are planned to improve its ability to locate, discriminate, and track more sophisticated threat
objects at once, as well as uplink that data to the SM-3 in flight.” The U.S. is prepared for any
attack at any time. The SM-3 allows the Navy to shoot intercepting missiles. Some practice tests
have been shown with these interception missiles, “MDA conducted two intercept and three


nonintercept flight tests that demonstrated an increased capability for Aegis BMD and the GMD
program” (Chaplain). Aegis is the United States Missile Defense System, and as shown they are
trying to do their best and better. With all of the new and improved defense systems that America
has designed and enforced, it will be difficult to get pass our militaries defense systems.
Lastly, North Korea does not have many allies. After the Soviet Union went bankrupt,
there was a huge loss in the communist alliance. Now, North Korea has been on bad terms with
almost every country in the world. Kim Jung-Un has threatened the United States many times,
and has upset the United Nations by doing so. But perhaps the country that has the biggest
problem with North Korea is their neighbor to the south, South Korea. Ever since the Korean
War, the two countries have been in constant bickering. They are blaming each other for bad
things that have happened to them. For instance, South Korea was doing their submarine practice
drill in their submarine the Cheonan. After their drills were over and they were headed for
mainland, a torpedo struck the Cheonan killing 46 South Koreans (Powell). The government
pushed the blame towards North Korea, saying that they had shot at the South Korean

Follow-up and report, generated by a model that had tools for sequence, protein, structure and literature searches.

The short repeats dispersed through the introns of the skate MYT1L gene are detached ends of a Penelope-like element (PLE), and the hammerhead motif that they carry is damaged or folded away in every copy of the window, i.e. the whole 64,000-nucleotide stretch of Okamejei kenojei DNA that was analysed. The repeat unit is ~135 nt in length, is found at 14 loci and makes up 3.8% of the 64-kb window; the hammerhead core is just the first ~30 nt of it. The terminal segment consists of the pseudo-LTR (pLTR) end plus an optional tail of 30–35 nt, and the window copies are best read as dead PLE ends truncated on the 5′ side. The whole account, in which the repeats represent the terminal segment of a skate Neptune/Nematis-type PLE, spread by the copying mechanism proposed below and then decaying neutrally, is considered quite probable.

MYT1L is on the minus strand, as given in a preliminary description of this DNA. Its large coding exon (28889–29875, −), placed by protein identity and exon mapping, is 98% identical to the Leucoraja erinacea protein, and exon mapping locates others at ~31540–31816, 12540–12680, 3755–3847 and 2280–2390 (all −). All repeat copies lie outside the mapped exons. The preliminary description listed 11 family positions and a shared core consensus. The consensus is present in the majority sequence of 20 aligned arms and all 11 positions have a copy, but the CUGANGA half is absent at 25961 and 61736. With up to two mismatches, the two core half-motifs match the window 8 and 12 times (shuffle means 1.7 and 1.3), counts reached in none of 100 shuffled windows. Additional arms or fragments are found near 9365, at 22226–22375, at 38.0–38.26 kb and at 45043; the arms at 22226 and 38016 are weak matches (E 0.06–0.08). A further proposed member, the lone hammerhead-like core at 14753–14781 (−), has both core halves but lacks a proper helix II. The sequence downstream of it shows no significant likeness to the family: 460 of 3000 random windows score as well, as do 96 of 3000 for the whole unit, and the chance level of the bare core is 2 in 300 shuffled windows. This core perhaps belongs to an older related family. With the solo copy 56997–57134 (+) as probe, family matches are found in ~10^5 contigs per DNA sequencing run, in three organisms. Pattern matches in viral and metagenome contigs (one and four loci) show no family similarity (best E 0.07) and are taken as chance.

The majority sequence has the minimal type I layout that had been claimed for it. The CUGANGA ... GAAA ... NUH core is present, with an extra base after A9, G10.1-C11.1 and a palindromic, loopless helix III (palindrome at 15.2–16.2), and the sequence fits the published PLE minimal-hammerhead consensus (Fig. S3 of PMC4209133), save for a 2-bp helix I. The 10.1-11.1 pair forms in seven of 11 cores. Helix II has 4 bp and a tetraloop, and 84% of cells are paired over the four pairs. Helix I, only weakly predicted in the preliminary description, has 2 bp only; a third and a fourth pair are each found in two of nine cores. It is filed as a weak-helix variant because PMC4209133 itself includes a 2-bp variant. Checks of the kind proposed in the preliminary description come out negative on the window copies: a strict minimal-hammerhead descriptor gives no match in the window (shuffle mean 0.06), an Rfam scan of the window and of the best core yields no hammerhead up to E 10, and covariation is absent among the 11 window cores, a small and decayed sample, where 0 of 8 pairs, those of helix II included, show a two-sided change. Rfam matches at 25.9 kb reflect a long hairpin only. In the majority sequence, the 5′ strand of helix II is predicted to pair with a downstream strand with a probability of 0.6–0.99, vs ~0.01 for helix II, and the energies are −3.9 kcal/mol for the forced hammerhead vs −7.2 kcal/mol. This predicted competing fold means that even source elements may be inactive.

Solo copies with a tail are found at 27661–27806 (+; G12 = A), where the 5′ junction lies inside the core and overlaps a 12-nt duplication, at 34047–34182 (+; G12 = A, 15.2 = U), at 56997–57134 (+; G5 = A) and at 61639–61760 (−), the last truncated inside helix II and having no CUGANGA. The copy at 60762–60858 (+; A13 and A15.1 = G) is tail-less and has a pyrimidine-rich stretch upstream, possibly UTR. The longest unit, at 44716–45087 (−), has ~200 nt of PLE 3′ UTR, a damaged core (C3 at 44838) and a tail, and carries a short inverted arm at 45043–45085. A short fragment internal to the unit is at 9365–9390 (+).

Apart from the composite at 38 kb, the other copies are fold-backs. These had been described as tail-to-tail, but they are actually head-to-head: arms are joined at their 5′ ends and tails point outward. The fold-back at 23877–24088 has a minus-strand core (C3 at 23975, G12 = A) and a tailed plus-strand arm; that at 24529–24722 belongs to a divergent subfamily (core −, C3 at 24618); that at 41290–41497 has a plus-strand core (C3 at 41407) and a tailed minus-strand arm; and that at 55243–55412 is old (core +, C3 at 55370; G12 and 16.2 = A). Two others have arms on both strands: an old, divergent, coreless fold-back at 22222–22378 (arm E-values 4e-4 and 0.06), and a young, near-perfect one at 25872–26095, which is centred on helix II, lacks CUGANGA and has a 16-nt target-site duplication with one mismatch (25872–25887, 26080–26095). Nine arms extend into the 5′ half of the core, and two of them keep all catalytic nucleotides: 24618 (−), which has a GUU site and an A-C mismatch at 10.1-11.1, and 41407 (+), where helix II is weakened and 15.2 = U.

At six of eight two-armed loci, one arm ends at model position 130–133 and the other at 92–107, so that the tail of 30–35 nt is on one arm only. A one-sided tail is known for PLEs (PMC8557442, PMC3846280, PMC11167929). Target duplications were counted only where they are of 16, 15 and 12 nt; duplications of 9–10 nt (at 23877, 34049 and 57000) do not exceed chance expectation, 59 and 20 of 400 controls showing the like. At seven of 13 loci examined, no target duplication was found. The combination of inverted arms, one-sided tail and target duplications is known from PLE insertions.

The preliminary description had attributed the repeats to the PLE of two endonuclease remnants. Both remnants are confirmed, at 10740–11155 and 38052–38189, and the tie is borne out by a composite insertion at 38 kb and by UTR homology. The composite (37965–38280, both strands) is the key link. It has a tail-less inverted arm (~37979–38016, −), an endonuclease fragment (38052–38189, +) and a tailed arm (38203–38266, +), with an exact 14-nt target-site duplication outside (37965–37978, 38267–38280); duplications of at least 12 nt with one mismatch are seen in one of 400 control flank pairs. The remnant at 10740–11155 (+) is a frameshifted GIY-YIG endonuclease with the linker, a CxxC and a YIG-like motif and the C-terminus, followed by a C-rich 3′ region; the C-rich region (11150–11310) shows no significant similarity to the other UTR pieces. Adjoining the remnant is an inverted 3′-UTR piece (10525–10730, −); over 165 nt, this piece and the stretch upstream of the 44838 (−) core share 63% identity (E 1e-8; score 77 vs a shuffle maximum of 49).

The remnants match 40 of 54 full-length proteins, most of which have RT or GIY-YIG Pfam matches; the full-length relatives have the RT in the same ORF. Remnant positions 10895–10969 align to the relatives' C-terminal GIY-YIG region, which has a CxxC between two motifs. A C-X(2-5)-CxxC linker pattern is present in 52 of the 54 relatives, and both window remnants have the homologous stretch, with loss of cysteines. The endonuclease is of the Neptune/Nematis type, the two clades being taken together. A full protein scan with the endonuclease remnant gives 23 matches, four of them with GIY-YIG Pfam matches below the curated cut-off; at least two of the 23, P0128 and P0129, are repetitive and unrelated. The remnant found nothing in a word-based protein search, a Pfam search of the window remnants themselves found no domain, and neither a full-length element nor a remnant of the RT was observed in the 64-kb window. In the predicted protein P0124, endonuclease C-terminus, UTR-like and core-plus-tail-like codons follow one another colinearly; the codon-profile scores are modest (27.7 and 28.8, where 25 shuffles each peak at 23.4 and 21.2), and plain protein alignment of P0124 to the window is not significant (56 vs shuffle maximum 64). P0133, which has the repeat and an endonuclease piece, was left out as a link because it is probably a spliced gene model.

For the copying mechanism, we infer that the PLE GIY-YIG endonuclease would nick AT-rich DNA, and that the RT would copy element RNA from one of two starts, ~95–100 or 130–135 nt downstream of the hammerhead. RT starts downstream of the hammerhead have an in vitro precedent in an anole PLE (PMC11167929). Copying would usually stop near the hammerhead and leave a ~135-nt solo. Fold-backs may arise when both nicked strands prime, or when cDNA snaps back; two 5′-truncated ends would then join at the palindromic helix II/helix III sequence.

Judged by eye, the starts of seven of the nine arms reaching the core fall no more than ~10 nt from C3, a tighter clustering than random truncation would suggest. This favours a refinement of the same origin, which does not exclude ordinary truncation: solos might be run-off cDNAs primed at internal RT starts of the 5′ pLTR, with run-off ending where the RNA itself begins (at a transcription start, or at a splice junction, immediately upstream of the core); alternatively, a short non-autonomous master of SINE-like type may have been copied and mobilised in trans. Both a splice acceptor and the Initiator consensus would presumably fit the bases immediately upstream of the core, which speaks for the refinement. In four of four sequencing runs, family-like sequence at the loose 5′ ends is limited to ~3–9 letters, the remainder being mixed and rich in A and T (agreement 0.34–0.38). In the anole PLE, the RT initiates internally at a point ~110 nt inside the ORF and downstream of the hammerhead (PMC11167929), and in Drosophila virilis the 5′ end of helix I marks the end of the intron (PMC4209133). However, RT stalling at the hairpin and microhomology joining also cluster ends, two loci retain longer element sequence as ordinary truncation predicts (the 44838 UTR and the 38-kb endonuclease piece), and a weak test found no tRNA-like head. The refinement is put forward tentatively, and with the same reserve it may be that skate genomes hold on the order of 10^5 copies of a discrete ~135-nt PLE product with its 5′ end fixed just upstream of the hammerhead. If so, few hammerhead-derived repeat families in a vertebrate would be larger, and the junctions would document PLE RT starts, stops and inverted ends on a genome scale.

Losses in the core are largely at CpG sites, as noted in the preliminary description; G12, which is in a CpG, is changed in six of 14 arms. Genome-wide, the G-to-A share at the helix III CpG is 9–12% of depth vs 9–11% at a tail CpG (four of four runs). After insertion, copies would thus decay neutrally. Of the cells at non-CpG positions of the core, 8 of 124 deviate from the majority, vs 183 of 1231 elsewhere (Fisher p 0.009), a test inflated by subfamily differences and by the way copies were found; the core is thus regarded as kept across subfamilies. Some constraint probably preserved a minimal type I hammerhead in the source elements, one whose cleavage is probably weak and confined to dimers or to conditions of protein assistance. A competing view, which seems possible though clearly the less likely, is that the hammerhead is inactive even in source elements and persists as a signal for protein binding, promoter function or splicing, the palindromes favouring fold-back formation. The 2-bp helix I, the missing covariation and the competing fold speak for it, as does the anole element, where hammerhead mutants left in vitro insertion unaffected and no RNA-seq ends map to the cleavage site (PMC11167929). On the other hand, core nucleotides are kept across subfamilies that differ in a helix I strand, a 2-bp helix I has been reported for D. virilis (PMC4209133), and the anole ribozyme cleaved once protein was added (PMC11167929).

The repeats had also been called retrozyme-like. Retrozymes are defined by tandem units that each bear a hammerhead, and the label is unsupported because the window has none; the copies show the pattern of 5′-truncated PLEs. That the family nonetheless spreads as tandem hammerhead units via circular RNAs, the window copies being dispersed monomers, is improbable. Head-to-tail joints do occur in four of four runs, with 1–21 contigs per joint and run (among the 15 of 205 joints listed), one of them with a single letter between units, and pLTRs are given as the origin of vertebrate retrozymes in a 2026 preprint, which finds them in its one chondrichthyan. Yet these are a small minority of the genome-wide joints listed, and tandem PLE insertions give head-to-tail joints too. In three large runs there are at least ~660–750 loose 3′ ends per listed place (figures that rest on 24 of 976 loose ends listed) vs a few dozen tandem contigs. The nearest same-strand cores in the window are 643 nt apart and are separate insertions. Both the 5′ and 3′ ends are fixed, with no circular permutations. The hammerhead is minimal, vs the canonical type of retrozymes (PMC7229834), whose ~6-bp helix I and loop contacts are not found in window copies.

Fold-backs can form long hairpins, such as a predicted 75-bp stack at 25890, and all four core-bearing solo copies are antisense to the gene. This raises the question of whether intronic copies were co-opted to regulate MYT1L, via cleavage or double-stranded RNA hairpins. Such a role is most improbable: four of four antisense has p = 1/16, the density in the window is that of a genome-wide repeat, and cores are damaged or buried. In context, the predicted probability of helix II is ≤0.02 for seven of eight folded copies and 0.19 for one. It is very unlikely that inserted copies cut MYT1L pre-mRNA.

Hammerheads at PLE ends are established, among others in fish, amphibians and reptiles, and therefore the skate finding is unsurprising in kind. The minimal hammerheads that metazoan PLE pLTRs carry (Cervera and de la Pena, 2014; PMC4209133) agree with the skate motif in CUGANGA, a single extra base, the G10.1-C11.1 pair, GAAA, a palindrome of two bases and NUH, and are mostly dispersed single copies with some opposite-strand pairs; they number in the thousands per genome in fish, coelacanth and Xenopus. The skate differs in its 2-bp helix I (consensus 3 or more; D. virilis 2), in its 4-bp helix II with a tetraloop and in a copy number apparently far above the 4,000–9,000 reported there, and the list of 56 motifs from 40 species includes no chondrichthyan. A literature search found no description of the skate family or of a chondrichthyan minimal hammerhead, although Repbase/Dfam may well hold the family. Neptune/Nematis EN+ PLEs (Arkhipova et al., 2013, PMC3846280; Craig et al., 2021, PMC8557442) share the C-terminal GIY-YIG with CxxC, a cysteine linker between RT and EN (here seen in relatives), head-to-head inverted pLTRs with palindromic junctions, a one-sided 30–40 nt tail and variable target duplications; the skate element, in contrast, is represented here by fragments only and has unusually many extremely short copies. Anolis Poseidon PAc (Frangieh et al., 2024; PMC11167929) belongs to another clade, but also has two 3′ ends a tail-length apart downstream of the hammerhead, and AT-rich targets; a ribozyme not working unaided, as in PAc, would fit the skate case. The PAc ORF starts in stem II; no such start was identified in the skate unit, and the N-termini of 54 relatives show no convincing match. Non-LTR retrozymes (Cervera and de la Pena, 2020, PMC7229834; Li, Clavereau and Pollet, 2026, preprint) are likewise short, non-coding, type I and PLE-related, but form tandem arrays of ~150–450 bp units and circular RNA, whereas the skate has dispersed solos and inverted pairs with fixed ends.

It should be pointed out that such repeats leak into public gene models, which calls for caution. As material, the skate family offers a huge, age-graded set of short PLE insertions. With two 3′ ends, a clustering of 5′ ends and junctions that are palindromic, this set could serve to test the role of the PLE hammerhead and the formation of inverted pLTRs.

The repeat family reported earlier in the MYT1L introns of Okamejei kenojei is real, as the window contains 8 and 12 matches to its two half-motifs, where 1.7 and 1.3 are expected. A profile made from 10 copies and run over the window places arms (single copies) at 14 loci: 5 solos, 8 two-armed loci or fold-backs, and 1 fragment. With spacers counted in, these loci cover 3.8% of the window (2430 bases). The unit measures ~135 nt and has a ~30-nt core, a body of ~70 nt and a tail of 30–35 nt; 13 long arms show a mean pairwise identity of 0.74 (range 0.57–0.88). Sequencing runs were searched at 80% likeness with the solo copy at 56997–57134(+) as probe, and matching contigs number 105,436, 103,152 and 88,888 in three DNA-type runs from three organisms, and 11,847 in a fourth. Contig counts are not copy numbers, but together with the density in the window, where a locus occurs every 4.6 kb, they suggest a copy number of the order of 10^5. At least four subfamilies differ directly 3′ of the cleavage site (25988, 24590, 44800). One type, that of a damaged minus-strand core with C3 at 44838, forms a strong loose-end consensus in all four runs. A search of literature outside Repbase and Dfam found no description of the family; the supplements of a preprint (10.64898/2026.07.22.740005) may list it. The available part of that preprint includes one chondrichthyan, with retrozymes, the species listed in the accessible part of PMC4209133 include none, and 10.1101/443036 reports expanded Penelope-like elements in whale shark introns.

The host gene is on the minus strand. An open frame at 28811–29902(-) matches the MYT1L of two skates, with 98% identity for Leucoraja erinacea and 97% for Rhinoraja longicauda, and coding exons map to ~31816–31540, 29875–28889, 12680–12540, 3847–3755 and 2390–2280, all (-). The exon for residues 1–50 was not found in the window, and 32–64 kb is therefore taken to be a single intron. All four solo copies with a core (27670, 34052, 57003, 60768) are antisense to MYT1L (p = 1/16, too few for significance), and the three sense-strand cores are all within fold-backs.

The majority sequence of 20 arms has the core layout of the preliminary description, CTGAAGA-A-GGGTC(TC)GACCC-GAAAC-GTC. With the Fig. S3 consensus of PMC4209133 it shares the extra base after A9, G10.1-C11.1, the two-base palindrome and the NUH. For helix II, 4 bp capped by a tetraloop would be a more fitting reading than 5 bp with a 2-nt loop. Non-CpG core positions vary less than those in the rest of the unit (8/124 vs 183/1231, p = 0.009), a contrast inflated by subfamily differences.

submarine. U.S. officers were sent to investigate themselves. Seung-Hun Lee, a physicist at the
University of Virginia, claimed, “…materials found on the Cheonan were ‘not the result of any
explosion,’ as the government asserted. The government's conclusions, Lee says, ‘were absurd’”
(Powell). This tension goes both ways, so it is hard to know when there is really an attack by the
other. Not only is the tension growing between North and South Korea, but also by China and
North Korea. Since the communist reign by the Soviet Union, China has been North Korea’s
only ally politically, economically, and in the military. But as North Korea is testing its
boundaries, China is becoming more and more angry at the fairly young nation. In the article,
“Bad Korea Move: Will Putin Step In”, it provides information on this, “While North Korea


threatens to test a new nuclear device -- the fourth such provocation of its neighbors since 2006
-- China can barely hide its displeasure.” As China is becoming angrier, it is reflecting on the
amount of funding and business North Korea is given by China, and if this keeps up, North
Korea will be in a hard situation. The last country that North Korea has made enemies with is the
United States. This is not only because of the stories that escapees of North Korea share about